Center for Social Policy Takes on Role in Fairmount Corridor Improvements
May 27, 2011
Along a nine-mile stretch of Boston between South Station and Readville, known as the Fairmount Corridor after the MBTA commuter rail line that runs through it, a slow-moving urban renaissance is in effect.
The Boston Foundation, one of the country’s oldest and largest philanthropic foundations, has awarded Friedman and the CSP a $500,000 grant for their watchdog project, “People and Place: Understanding the Processes, Outcomes, and Impacts of Interventions of the Fairmount Corridor Initiative.”
In the Fairmount Corridor, comprising parts of Roxbury, Mattapan, Dorchester, and Hyde Park, many of Boston’s low-income and working-class families struggle with poverty, low wages, unemployment, and limited access to public transportation; Friedman points out that people living in Boston’s western suburbs have more public transit options for travel to the downtown area than the Bostonians in the Fairmount Corridor.
Over the past twenty years, several community development corporations (CDCs) have been working together to advocate for and enact improvements to the region, including adding stops on the commuter rail to improve access to jobs, creating more affordable housing for residents, and transforming abandoned properties into green spaces.
Their efforts are paying off: The MBTA has agreed to add four stations to the existing five stops on the Fairmount Line; plans are in progress to create “urban villages,” walkable centers of commerce and recreation for residents; and the resulting development will create jobs.
The Boston Foundation provides much of the funding for these projects to the CDCs involved. The CSP will evaluate the results of these initiatives, using real-time data to help direct and improve the plans to revitalize the Fairmount Corridor.
“The Boston Foundation made a decision to invest resources heavily in particular neighborhoods,” Friedman says. “Our role is to facilitate an alignment of these initiatives, maximizing our collective resources. We’ll also be an evaluation partner.”
While the members of the CDCs funded by the Boston Foundation share a unique understanding of the Fairmount Corridor community’s needs, the CSP has extensive expertise and experience in poverty policy that will, Friedman hopes, prevent missteps. She explains that development in economically troubled areas often leads to unintended consequences.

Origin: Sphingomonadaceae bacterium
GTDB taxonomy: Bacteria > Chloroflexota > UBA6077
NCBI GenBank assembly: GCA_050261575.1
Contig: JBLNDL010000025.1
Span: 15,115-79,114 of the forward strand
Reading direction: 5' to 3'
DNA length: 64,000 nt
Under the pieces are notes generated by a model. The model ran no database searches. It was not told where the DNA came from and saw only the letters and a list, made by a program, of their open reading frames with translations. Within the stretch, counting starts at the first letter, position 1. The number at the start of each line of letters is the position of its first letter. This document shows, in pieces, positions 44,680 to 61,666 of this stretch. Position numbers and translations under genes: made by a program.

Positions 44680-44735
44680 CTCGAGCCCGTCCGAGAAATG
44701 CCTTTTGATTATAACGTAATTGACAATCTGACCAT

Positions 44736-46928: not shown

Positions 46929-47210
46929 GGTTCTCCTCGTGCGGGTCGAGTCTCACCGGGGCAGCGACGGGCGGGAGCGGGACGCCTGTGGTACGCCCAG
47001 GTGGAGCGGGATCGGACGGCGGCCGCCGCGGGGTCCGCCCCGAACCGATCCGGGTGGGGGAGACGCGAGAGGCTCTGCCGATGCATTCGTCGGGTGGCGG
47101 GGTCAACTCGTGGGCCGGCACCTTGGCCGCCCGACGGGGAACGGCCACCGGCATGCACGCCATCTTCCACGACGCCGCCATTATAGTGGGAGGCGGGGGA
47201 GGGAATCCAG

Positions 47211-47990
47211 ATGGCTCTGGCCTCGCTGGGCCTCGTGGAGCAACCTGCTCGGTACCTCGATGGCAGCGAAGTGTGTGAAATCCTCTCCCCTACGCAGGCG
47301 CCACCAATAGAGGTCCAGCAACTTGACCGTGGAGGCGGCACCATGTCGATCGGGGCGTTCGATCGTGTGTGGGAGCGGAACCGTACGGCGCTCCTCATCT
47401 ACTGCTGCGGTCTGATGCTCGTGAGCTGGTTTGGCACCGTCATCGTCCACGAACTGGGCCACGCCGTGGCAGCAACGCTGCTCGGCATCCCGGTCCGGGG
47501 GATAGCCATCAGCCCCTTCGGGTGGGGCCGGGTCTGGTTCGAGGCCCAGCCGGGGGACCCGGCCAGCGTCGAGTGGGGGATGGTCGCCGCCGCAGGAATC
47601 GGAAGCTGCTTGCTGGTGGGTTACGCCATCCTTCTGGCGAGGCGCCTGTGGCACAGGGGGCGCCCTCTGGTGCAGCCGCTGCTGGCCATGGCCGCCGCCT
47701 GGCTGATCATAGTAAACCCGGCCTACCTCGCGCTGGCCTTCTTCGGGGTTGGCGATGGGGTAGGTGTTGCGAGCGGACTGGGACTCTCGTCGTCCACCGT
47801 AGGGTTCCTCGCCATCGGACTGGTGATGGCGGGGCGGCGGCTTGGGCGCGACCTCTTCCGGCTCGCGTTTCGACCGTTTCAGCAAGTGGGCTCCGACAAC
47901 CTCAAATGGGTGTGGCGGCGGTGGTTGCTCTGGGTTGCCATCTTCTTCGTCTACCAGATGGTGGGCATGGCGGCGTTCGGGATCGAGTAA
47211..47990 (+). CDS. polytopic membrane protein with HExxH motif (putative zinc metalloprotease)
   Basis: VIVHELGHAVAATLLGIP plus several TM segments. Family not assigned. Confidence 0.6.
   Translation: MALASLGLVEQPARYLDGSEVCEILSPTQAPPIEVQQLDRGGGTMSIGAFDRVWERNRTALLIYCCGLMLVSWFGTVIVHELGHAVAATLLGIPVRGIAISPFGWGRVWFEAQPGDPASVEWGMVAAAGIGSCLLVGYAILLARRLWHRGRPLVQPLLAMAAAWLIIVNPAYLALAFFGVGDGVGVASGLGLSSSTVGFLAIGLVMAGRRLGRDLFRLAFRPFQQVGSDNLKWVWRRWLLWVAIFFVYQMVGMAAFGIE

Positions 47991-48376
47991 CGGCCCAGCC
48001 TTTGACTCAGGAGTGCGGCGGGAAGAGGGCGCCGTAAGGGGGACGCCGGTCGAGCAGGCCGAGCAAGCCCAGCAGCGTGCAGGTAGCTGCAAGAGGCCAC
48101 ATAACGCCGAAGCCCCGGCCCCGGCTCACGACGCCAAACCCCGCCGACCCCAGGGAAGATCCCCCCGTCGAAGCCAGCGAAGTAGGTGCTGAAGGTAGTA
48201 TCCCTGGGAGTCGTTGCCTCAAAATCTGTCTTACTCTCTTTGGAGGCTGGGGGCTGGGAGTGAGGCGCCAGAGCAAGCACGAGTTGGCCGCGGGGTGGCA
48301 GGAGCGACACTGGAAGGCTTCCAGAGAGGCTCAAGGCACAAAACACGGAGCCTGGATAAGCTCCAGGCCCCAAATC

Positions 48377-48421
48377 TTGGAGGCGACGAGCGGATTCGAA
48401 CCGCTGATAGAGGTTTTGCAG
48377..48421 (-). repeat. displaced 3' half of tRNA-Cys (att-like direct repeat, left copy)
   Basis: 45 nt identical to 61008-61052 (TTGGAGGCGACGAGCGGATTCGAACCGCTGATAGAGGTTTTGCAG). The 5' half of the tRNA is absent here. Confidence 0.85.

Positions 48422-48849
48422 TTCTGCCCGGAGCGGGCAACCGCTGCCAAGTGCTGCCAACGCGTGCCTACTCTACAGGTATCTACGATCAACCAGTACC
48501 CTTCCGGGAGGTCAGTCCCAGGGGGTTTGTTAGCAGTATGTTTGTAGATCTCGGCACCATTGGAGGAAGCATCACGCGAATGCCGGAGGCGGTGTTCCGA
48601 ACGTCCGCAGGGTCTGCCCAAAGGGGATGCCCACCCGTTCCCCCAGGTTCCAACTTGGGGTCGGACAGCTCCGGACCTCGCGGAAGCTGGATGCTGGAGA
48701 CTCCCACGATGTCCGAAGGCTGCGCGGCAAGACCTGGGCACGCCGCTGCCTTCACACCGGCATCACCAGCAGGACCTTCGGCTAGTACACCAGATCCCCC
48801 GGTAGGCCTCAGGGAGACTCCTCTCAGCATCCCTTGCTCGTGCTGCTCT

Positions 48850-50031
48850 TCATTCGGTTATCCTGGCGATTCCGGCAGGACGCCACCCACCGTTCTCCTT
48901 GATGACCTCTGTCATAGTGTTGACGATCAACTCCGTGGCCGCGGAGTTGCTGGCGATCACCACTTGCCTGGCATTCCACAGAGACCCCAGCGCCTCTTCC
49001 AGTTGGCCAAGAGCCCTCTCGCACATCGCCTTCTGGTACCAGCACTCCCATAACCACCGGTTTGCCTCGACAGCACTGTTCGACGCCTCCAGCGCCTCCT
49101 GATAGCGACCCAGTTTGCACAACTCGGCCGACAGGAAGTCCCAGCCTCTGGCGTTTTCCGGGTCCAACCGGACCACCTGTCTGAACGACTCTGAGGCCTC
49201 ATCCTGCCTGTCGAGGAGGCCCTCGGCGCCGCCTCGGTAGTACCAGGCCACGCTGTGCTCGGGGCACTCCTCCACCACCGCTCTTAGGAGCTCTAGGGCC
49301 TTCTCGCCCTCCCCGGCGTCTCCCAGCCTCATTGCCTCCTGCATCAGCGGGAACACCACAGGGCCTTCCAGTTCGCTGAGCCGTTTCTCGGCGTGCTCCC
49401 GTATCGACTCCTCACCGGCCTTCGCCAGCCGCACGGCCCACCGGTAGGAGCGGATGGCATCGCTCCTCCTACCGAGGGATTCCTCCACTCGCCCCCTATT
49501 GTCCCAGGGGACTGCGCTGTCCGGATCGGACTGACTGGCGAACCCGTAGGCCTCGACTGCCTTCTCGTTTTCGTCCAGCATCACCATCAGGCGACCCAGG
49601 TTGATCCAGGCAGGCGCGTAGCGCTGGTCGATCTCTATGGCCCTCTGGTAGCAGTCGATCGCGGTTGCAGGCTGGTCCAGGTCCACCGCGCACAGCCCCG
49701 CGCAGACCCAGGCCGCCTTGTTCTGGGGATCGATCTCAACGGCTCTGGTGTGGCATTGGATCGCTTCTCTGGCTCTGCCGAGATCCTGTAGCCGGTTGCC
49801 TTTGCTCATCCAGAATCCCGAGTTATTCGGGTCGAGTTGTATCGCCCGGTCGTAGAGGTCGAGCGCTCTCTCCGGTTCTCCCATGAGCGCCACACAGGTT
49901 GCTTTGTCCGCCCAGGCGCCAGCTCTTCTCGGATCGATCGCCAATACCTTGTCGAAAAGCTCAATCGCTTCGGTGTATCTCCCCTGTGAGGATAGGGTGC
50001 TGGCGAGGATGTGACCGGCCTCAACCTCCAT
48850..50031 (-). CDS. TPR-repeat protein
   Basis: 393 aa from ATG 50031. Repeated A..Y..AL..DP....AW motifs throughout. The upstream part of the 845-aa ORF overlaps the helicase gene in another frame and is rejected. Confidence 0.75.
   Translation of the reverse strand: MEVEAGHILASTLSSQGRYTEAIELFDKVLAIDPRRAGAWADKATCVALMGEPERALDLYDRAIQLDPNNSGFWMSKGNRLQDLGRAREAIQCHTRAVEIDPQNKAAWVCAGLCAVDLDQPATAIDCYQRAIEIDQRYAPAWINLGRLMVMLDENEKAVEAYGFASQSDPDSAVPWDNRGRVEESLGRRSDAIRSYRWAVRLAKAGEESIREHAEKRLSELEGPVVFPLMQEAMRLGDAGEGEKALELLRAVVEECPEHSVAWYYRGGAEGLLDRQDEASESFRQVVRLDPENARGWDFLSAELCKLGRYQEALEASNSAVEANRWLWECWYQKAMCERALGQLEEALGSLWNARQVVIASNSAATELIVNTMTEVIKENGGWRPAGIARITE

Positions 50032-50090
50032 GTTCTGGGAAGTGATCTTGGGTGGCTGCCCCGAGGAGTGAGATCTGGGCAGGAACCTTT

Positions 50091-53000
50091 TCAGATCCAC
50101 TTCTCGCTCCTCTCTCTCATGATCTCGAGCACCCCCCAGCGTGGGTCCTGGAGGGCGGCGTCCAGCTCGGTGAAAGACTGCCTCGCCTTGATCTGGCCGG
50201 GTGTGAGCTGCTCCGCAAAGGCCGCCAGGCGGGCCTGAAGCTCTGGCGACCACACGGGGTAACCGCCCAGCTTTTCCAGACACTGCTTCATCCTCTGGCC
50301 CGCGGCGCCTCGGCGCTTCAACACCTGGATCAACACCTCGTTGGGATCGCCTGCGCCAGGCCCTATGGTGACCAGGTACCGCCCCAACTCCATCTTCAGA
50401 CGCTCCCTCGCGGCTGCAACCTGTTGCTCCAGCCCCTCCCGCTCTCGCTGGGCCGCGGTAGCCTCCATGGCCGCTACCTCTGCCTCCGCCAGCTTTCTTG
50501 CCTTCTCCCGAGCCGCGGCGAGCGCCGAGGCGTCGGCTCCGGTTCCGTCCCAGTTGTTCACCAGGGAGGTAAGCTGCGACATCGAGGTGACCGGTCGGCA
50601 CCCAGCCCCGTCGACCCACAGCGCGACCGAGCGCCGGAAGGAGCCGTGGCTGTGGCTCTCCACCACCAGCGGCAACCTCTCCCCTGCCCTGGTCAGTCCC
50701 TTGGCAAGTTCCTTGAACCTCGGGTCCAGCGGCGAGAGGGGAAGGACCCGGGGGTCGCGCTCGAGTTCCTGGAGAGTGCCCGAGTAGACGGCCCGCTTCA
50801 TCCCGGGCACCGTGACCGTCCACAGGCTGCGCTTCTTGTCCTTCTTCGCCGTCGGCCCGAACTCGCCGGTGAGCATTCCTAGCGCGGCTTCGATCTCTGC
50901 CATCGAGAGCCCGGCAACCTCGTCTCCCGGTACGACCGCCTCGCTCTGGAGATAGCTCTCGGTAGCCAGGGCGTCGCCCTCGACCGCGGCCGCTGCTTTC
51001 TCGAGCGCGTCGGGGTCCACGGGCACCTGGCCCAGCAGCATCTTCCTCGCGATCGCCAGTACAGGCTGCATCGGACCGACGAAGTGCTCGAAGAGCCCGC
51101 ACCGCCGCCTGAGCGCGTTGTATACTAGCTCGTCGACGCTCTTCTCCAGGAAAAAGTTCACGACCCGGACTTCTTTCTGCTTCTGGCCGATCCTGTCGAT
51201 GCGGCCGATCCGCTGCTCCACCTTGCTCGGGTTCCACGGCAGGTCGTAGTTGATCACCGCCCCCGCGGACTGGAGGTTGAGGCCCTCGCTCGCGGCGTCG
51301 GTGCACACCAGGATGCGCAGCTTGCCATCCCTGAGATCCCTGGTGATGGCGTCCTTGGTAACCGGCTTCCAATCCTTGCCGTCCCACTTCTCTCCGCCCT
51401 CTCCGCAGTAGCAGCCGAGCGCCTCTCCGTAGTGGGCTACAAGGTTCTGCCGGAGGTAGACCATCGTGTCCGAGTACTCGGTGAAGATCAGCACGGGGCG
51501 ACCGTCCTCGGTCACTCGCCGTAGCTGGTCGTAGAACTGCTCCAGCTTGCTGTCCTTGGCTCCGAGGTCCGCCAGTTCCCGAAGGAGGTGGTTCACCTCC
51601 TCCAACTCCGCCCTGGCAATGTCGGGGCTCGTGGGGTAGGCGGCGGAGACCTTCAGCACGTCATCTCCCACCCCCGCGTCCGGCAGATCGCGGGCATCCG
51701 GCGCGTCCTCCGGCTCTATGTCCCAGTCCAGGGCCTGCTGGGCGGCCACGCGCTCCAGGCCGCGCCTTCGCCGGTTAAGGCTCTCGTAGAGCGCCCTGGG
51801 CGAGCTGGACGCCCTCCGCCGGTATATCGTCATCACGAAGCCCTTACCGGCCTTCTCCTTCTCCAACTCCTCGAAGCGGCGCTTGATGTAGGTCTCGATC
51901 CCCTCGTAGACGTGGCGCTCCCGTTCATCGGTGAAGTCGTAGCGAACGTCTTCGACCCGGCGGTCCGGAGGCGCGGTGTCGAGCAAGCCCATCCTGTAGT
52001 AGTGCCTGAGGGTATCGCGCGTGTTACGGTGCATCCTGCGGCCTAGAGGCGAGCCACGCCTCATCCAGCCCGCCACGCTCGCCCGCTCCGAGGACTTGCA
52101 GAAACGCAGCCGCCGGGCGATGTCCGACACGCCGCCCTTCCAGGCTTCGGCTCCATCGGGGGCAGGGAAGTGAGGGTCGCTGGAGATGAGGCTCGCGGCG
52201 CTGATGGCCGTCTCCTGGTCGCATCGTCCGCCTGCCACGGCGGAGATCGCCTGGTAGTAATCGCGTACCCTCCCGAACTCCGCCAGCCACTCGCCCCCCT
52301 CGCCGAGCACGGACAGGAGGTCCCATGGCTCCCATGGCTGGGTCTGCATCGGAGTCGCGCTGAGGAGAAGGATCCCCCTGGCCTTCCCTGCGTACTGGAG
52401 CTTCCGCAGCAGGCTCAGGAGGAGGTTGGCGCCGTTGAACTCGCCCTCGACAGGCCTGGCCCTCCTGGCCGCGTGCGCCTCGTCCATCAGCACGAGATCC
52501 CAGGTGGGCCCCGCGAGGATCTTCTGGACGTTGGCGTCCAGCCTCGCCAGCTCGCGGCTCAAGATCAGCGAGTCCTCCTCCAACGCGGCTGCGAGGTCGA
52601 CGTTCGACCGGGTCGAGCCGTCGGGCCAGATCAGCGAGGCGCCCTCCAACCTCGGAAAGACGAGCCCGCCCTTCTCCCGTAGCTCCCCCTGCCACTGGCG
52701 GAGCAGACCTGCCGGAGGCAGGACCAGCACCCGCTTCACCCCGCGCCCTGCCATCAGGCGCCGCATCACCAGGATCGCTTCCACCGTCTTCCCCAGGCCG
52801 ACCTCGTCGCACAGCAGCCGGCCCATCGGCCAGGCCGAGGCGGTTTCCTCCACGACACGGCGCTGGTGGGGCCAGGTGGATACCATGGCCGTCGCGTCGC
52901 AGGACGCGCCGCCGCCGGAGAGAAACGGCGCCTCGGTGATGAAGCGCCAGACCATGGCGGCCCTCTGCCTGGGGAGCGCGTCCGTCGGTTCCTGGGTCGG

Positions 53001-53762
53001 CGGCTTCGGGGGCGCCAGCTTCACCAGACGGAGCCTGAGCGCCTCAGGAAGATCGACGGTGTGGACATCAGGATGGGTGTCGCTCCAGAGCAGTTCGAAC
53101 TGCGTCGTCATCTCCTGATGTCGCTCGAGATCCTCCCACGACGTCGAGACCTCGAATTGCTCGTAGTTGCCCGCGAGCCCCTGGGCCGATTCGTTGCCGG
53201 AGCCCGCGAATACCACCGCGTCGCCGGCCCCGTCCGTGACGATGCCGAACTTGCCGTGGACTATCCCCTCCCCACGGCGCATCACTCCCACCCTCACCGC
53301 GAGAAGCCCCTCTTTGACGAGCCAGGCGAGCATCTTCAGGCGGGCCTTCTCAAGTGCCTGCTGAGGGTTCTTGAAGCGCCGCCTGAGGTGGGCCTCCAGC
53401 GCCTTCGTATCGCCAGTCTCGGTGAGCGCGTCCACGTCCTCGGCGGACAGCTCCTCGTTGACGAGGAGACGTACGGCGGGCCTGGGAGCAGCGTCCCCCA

“Gentrification creeps in as the community improves,” she says. “Poverty decreases, but the people who live there can no longer afford to stay.” Additionally, she says, a focus on creating minimum-wage jobs forces would-be employees living in poverty to make difficult decisions: between earning their own money, but not enough to live on, and qualifying for the public assistance programs they need to survive.
“What we want to ask is,” Friedman says, “how is it working for people who are working? Do they have enough to live on? To meet basic needs? Food assistance, temporary aid, healthcare – are they accessing these resources? Is there an eligibility gap?”
Friedman and the CSP will gather information from residents and community members to inform their feedback.
“We’re committed to engaging people in these neighborhoods to document their stories,” she says, “and tapping their wisdom about the changes that are needed in policies: local, state, and federal.”
As Friedman and the project’s co-director, Michael Stone, a senior fellow at the CSP and a professor of community planning and public policy in the College of Public and Community Service, carry out their assessment of the Fairmount Corridor improvements, they are excited about involving UMass Boston students.
“We have students on campus who’ve been activists in the Fairmount Corridor. I’m envisioning that when we’re evaluating [these initiatives], they can have a role with us. They’ll be a good source of information on what’s happening in their communities; they’ll provide another perspective and inform the depth of our perspective,” she says.
The grant from the Boston Foundation will provide the CSP with $100,000 annually for five years to conduct its research and make recommendations.
“It’s a lot of work, but we’re very excited about it,” Friedman says. “It’s complex: There are lots of stakeholders, lots of organizations we’re connecting with to do this work. We’re in it for the long-term so we can really dig in."